A new exhibition opened at the Czech Centre of the Pen Club in Prague, called Photo-Graphics 2001. As its title indicates, the exhibited works by Jan Trojak combine photography and graphic art. The highly coloured prints created with the help of computer technology defy traditional ideas about what constitutes art. But even the most sophisticated electronic technology means nothing unless the artist is able to stop in dismay in front of an ordinary thing, find poetry in it and translate this feeling to other people. What we can see on the prints are objects of everyday life as well as abstract landscapes but not in a way you'd normally expect. Alena Skodova has the story.
Mr Trojak told me that he used to worked in quite a different profession, and that his art is not a mere hobby for him, but a kind of necessity. He is trying to avoid sinking into an everyday routine and live in a grey world. So what do his photographs show? "I usually take photos on the street, but I don't photograph people very often. I rather take snaps of details which strike me by containing inner poetry. But only with the arrival of computers did I start to use tools which enabled me to express fully what I felt. They give me a free hand in doing what I want."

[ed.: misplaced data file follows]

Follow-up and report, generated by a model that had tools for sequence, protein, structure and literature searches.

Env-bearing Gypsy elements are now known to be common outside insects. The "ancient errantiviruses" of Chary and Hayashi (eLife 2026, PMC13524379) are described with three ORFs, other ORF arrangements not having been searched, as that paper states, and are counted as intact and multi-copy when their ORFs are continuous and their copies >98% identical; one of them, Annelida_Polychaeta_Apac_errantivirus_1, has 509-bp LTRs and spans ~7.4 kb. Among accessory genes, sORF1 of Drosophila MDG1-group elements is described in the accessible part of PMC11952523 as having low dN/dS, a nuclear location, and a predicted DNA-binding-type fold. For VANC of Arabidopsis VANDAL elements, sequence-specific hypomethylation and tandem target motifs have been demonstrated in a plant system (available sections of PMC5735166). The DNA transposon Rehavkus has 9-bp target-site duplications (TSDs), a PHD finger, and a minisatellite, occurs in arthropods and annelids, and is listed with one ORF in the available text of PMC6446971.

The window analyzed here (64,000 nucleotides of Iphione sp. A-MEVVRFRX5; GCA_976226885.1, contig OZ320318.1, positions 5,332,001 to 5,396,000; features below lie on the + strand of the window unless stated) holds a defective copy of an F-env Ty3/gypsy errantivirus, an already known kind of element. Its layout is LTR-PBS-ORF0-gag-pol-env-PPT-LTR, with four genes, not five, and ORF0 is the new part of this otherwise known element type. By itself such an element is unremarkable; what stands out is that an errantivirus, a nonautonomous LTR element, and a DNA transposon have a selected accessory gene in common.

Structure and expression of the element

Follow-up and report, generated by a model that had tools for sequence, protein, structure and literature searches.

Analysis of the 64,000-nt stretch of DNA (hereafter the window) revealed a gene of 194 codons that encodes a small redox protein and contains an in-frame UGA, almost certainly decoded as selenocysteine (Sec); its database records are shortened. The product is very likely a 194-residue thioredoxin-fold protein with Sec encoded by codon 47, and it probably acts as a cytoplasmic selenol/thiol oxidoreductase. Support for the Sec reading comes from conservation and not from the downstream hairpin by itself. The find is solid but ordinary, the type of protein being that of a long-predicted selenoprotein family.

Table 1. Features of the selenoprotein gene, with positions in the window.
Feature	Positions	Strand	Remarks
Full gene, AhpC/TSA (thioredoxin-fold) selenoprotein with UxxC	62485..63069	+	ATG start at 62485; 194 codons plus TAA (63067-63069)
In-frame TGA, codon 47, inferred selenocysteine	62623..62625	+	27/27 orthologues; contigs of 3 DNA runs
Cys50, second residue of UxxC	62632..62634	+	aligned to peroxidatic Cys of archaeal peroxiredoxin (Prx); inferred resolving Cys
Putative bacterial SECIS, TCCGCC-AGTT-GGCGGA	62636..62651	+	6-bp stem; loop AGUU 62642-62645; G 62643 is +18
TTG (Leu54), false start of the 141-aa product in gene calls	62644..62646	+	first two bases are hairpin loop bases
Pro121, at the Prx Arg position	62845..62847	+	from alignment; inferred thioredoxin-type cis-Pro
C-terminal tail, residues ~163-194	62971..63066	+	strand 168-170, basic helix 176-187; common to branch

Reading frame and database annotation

Mr Trojak told me that he had first come into contact with a computer 15 years ago and now he just cannot imagine working without it. So what does the whole process of creating photo-graphics look like? "When I happen to witness an event or see a detail which appeals to me, I take a photo and put it aside; I never start working on it immediately. Then I look at the picture for the second time, and if it speaks to me again, I put it into the computer and we start communicating, telling each other what might come out of that particular photo. I always have to know what I want to tell to people in each particular print. And this process sometimes takes a long time. This exhibition is the result of five years of effort."
The exhibition "Photo-graphics 2001" will be open till February 8th.
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